JG: In the beginning, we partnered with many companies because we produced consumables for film machines. Once digitalization began, we realized our business model would not last if we kept film as our only product. At this time, Fuji decided to move further into the medical field. It was also when Fujifilm began making significant medical devices like x-ray machines, mammography equipment, and endoscopy equipment.  
To continue our expansion within the medical field, we acquired Hitachi, which helped Fujifilm get equipment for MRIs, CTs, and ultrasounds. All our new equipment is a mixture of Fujifilm digital technology with Hitachi's mechanical technology. We are drawing innovative ideas and expertise from both sides and creating new models and products.  

This year we will produce products for CTs, MRIs, and ultrasounds. We hope to have the same success we had when launching other new products. We went into the mammography market as one of the last machine production companies. We turned it around and are now one of the leaders in the mammography market. Though the market is saturated, we hope to infiltrate it and once again become a leader in the ultrasound market. For this to happen, we have to market more innovatively and become better known as a brand before we can grow in this segment.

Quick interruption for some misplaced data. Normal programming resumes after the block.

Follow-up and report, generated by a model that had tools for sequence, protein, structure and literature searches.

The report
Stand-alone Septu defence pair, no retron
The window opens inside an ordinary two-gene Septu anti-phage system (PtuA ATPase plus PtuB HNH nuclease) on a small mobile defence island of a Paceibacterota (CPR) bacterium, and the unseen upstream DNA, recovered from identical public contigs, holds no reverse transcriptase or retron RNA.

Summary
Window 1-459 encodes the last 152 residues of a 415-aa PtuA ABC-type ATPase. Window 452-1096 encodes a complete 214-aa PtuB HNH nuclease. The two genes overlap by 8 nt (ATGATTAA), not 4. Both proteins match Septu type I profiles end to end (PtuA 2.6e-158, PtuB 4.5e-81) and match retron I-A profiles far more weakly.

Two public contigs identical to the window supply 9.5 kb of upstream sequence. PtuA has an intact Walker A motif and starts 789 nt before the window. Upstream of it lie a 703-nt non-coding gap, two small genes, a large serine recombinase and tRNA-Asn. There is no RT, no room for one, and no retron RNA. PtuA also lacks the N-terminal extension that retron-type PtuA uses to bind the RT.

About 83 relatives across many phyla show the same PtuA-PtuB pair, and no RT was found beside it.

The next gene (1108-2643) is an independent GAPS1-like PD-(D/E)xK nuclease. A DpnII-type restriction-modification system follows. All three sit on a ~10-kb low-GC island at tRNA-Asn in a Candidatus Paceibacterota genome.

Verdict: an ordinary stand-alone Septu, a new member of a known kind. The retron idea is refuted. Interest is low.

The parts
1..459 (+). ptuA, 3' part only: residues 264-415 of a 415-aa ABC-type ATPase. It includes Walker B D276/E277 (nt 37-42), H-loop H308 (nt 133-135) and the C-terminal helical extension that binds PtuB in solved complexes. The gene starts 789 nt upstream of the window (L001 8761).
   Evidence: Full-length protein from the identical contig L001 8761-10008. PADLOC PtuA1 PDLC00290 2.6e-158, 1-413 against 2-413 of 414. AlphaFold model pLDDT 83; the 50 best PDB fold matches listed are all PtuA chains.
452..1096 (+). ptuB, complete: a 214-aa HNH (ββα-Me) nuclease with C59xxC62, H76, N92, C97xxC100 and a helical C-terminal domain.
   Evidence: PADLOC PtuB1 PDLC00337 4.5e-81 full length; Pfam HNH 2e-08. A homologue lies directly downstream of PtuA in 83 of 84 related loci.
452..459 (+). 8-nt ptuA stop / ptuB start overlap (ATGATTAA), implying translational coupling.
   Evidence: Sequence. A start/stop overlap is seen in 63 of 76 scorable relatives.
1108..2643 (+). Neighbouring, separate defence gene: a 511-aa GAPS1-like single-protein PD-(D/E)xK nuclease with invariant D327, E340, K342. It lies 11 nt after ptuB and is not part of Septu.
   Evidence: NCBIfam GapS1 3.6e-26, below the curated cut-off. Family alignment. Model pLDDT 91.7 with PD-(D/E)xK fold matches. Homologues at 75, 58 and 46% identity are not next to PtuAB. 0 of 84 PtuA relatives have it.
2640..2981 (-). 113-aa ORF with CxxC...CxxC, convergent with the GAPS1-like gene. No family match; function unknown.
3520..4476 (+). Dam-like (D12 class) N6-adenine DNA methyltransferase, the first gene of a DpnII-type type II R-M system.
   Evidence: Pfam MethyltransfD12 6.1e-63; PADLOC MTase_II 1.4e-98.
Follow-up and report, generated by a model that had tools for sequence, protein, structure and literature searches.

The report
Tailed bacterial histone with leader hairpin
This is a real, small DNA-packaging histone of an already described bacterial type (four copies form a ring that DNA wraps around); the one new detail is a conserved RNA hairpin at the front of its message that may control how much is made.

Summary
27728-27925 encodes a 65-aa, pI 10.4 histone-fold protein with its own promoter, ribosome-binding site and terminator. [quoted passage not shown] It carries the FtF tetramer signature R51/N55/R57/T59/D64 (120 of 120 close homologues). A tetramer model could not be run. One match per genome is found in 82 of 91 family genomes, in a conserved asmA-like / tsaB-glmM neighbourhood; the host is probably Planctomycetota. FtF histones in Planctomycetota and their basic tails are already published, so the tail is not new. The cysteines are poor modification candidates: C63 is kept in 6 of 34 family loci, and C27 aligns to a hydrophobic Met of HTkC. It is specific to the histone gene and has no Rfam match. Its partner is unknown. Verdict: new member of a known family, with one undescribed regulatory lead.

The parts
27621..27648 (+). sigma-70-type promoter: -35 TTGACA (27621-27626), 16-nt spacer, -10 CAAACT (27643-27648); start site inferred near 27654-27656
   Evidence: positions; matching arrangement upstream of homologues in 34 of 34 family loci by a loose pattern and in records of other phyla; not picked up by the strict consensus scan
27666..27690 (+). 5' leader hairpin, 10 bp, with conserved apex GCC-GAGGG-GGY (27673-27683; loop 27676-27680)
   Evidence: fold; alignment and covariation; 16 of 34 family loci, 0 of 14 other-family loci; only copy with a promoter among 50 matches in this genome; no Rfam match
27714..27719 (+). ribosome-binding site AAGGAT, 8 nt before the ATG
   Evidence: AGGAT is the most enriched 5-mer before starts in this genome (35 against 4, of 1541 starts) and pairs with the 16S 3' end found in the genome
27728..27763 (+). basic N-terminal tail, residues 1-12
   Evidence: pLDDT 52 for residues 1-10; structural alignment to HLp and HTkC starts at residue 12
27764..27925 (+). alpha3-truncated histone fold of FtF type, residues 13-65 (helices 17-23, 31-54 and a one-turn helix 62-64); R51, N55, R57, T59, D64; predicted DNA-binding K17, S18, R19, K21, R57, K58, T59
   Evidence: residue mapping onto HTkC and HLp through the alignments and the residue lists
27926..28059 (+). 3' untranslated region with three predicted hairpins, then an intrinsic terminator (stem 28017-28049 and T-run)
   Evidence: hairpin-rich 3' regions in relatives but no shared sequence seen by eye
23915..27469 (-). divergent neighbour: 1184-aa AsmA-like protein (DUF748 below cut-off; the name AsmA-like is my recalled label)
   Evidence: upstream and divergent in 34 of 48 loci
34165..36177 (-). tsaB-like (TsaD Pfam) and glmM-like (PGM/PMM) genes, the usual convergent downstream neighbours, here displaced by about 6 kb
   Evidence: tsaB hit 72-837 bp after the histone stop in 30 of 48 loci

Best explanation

EG: Fujifilm has been a pioneer for products like the digital x-ray machine. We created the first digital radiography system in 1983. Fuji has been working on digital components from the beginning. Fujifilm was the first to launch video endoscopy instead of fibre-optics. Our technologies and innovations are widely known and advertised as new. Fuji has been creating new products and technologies by mixing its core technologies with some of the acquisitions. Fujifilm's acquisitions were all made to gain new technologies instead of market shares.  

EF: What are your new KPIs, and how do you see them in the short-term and long-term?

EG: We hope to collaborate with different companies, education institutes, and independent companies to use Fujifilm technologies. It is incredible how much our portfolio has diversified. Every day, people may connect or come across Fujifilm products on their phones or physically without realizing it. The film is closely related to the medical field. If you analyze a roll of sensitive or used film, its material is similar to how the body produces tissue. The film is built by collision with suspended nanoparticles to create the images.